Ms. Mary Wahome, a Counseling Psychologist and Programs Director at ‘The Reason to Hope,’ in Karen, Nairobi says that such kind of drastic life changes have an adverse effect on one’s mental status including their family members and if not addressed early can lead to depression among other issues.

“We have had cases of people indulging in substance abuse to deal with the uncertainty and stress brought about by the pandemic, this in turn leads to dependence and also domestic abuse,”

Sam Njoroge , a waiter at a local hotel in Kiambu, has found himself indulging in substance abuse due to challenges he is facing after the hotel he was working in was closed down as it has not yet met the standards required by the MOH to open.

“My day starts at 6am where I go to a local pub, here I can get a drink for as little as Sh30, It makes me suppress the frustration I feel.” he says.

Sam is among the many who have found themselves in the same predicament and resulted to substance abuse finding ways to beat strict measures put in place by the government on the sale of alcohol so as to cope.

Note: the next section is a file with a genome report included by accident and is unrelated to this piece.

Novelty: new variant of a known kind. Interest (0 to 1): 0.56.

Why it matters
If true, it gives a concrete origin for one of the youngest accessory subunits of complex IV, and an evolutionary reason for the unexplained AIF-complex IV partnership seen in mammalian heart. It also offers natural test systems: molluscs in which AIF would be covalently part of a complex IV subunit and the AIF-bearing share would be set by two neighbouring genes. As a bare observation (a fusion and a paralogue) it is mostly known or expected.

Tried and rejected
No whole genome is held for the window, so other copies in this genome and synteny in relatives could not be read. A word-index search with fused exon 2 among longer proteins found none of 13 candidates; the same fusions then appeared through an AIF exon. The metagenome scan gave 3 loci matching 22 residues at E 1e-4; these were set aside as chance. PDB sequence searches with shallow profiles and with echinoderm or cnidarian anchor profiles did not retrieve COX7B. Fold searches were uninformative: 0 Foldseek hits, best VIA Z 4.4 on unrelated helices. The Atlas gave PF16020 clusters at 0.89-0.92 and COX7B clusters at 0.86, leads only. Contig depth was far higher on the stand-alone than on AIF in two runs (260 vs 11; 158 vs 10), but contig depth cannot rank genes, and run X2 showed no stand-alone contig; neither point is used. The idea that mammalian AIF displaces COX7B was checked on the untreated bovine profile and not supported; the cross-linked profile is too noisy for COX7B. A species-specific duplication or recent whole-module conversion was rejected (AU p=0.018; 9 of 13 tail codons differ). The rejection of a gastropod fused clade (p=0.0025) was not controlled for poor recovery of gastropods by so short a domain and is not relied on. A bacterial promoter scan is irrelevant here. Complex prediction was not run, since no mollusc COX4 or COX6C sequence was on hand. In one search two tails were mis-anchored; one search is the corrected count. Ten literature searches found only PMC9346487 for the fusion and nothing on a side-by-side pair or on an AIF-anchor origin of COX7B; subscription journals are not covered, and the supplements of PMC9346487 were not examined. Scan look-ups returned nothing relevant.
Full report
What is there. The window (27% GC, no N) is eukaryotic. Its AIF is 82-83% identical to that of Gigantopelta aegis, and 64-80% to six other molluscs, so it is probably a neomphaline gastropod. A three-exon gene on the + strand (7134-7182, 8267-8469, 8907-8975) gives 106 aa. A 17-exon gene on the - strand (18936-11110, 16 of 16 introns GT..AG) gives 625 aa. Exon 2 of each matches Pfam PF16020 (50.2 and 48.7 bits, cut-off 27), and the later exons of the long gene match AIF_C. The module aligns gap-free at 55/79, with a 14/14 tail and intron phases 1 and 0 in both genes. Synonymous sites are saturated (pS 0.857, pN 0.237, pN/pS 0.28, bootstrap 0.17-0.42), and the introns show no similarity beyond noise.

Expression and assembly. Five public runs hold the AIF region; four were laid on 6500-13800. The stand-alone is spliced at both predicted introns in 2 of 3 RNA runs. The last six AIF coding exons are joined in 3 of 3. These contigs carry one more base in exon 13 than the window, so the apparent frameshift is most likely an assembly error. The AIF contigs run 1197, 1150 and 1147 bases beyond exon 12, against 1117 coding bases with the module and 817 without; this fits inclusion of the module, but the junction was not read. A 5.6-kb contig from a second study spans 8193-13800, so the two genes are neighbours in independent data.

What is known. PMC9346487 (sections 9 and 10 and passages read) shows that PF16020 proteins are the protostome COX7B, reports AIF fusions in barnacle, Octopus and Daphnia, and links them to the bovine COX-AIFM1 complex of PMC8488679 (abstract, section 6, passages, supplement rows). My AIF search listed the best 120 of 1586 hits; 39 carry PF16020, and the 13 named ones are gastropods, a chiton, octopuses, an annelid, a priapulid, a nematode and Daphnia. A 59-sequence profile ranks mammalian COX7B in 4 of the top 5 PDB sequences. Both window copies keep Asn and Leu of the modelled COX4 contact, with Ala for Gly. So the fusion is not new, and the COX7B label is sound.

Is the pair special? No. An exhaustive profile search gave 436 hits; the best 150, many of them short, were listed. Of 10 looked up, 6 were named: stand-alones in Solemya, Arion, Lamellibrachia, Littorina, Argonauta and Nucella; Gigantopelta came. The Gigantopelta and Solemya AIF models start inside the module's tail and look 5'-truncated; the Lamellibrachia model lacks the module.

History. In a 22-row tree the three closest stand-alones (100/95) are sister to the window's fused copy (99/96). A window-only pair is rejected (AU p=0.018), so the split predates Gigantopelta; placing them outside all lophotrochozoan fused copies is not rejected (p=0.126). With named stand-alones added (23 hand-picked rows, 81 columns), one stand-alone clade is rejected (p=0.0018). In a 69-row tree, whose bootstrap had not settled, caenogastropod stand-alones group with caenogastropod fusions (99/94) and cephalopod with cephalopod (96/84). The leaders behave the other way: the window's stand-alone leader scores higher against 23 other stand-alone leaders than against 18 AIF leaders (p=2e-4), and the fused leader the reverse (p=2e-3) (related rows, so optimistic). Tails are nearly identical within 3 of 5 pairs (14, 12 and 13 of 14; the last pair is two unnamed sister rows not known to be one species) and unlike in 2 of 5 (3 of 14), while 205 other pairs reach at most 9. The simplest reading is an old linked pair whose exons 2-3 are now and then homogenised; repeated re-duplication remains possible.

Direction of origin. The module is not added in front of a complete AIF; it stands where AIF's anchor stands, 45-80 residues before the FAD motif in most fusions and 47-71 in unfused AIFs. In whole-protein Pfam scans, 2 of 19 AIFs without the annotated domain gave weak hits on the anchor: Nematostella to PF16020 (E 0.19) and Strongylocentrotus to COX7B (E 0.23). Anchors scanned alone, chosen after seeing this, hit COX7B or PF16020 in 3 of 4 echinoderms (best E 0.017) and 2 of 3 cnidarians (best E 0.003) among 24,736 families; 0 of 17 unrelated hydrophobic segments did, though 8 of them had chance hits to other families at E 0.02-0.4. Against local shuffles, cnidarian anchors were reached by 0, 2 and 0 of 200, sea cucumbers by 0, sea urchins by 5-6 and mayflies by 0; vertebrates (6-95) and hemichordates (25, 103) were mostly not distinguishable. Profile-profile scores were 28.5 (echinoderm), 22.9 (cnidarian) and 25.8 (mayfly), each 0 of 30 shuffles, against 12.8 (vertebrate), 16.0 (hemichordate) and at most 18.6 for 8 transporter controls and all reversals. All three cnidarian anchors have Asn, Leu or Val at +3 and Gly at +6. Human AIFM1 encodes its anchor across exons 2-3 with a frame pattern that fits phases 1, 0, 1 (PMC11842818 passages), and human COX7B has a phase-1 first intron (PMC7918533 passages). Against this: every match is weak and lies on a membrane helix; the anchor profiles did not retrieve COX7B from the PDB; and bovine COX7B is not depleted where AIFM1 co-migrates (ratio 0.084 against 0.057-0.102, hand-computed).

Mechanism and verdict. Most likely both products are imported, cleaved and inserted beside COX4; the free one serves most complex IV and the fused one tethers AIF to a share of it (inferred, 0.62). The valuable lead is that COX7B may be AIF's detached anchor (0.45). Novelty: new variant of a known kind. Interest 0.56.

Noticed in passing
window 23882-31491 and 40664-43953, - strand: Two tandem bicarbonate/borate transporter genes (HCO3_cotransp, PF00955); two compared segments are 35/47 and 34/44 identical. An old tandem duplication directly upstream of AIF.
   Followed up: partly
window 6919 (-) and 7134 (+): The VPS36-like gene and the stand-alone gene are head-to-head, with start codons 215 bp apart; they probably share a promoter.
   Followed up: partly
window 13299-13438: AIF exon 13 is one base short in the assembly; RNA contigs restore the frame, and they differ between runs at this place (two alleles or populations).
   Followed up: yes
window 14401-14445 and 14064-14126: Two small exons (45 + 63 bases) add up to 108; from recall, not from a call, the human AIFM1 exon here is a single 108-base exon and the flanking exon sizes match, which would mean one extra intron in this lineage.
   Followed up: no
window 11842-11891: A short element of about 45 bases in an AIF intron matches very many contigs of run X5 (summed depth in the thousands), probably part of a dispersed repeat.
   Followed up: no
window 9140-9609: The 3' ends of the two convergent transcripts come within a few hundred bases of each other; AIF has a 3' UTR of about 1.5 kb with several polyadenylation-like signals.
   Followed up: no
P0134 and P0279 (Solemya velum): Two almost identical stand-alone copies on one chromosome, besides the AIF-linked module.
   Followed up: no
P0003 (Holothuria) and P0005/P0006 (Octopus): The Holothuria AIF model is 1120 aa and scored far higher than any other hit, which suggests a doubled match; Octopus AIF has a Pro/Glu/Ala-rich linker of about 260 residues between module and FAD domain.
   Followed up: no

Mary says, situations like Sam’s are dangerous and if not addressed early can lead to serious complications, including addiction and dependency, violent behavior and also early death due to health complications.

She has, however, lauded the government for encouraging mental wellness and also launching the Psychological First Aid (PFA) guide in the wake of the virus putting emphasis on the three action principal of look, listen and link. “When we follow this it will be easy to identify an individual in distress and also offer assistance”.